Appellants' position, in sum, is that federal subject matter jurisdiction exists because their cause of action arises under federal law. Federal law gives them no right of action; therefore, they have no right to invoke federal jurisdiction. The dispute between these parties is a matter for the state courts, and we are informed that a state court action seeking the same relief is pending. Perceiving no case or controversy arising under federal law, we leave the appellants to seek redress in that proceeding.
The judgment of the district court ordering the case dismissed for lack of subject matter jurisdiction will be affirmed.
Section 1340 provides:
The district courts shall have original jurisdiction of any civil action arising under any Act of Congress providing for internal revenue . . . .
Section 1331(a) provides:
The district courts shall have original jurisdiction of all civil actions wherein the matter in controversy exceeds the sum or value of $10,000, exclusive of interest and costs, and arises under the Constitution, laws, or treaties of the United States . . . .
See Cohen, The Broken Compass: The Requirement that a Case Arise "Directly" under Federal Law, 115 U.Pa.L.Rev. 890, 905 (1967)
Section 6001 provides in relevant part:
Every person liable for any tax imposed by this title . . . shall keep such records, render such statements, make such returns, and comply with such rules and regulations as the Secretary may from time to time prescribe. Whenever in the judgment of the Secretary it is necessary, he may require any person, by notice served upon such person or by regulations, to make such returns, render such statements, or keep such records, as the Secretary deems sufficient to show whether or not such person is liable for tax under this title. . . .
Treasury Regulation § 20.6001-1 provides:
(a) It is the duty of the executor to keep such complete and detailed records of the affairs of the estate for which he acts as will enable the district director to determine accurately the amount of the estate tax liability. All documents and vouchers used in preparing the estate tax return . . . shall be retained by the executor so as to be available for inspection whenever required.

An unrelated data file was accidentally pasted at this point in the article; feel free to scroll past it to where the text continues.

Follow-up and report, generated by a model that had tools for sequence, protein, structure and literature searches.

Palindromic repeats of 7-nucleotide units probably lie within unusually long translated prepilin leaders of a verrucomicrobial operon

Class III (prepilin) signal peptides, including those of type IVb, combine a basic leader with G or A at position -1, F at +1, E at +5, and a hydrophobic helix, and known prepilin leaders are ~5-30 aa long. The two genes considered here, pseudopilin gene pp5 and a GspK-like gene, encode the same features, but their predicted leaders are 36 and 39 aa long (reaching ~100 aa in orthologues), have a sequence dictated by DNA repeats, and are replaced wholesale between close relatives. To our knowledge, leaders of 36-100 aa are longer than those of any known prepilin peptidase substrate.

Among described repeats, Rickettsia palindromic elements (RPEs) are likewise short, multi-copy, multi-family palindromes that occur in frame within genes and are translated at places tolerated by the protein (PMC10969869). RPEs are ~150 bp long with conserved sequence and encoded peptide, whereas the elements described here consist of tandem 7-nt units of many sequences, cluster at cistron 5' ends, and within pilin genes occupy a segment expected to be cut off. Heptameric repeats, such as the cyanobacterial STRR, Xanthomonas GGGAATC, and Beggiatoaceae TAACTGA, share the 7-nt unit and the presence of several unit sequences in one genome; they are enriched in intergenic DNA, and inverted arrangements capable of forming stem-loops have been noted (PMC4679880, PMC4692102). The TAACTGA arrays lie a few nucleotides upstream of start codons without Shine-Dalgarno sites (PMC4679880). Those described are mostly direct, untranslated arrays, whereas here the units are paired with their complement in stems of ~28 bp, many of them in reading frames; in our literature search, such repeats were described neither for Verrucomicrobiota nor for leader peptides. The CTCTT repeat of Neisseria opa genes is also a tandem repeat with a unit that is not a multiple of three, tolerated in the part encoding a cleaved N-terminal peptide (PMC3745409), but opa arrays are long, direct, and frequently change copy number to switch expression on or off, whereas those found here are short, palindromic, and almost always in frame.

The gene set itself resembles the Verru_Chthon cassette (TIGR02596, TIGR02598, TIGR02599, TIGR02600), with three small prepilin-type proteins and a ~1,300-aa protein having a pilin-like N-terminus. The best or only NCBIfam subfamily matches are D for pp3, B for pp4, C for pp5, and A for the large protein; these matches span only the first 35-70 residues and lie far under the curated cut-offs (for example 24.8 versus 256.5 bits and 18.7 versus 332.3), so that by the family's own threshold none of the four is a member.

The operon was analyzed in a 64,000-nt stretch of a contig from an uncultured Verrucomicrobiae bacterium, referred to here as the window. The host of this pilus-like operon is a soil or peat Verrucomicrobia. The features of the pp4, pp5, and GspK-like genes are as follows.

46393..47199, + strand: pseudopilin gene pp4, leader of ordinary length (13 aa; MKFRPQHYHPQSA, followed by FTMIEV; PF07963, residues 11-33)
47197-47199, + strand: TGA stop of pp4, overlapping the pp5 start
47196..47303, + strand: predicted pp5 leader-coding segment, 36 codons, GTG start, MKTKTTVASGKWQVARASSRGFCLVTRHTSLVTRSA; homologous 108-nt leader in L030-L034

(b) In addition to filing an estate tax return . . . the executor shall furnish such supplemental data as may be necessary to establish the correct estate tax. It is therefore the duty of the executor (1) to furnish, upon request, copies of any documents in his possession (or on file in any court having jurisdiction over the estate) relating to the estate, appraisal lists of any items included in the gross estate, copies of balance sheets or other financial statements obtainable by him relating to the value of stock, and any other information obtainable by him that may be found necessary in the determination of the tax . . . . Failure to comply with such a request will render the executor liable to penalties (see section 7269), and proceedings may be instituted in the proper court of the United States to secure compliance therewith (see section 7604).
(c) Persons having possession or control of any records or documents containing or supposed to contain any information concerning the estate, or having knowledge of or information about any fact or facts which have a material bearing upon the liability, or the extent of liability, of the estate for the estate tax, shall, upon request of the district director, make disclosure thereof. Failure on the part of any person to comply with such request will render him liable to penalties (section 7269), and compliance with the request may be enforced in the proper court of the United States (section 7604).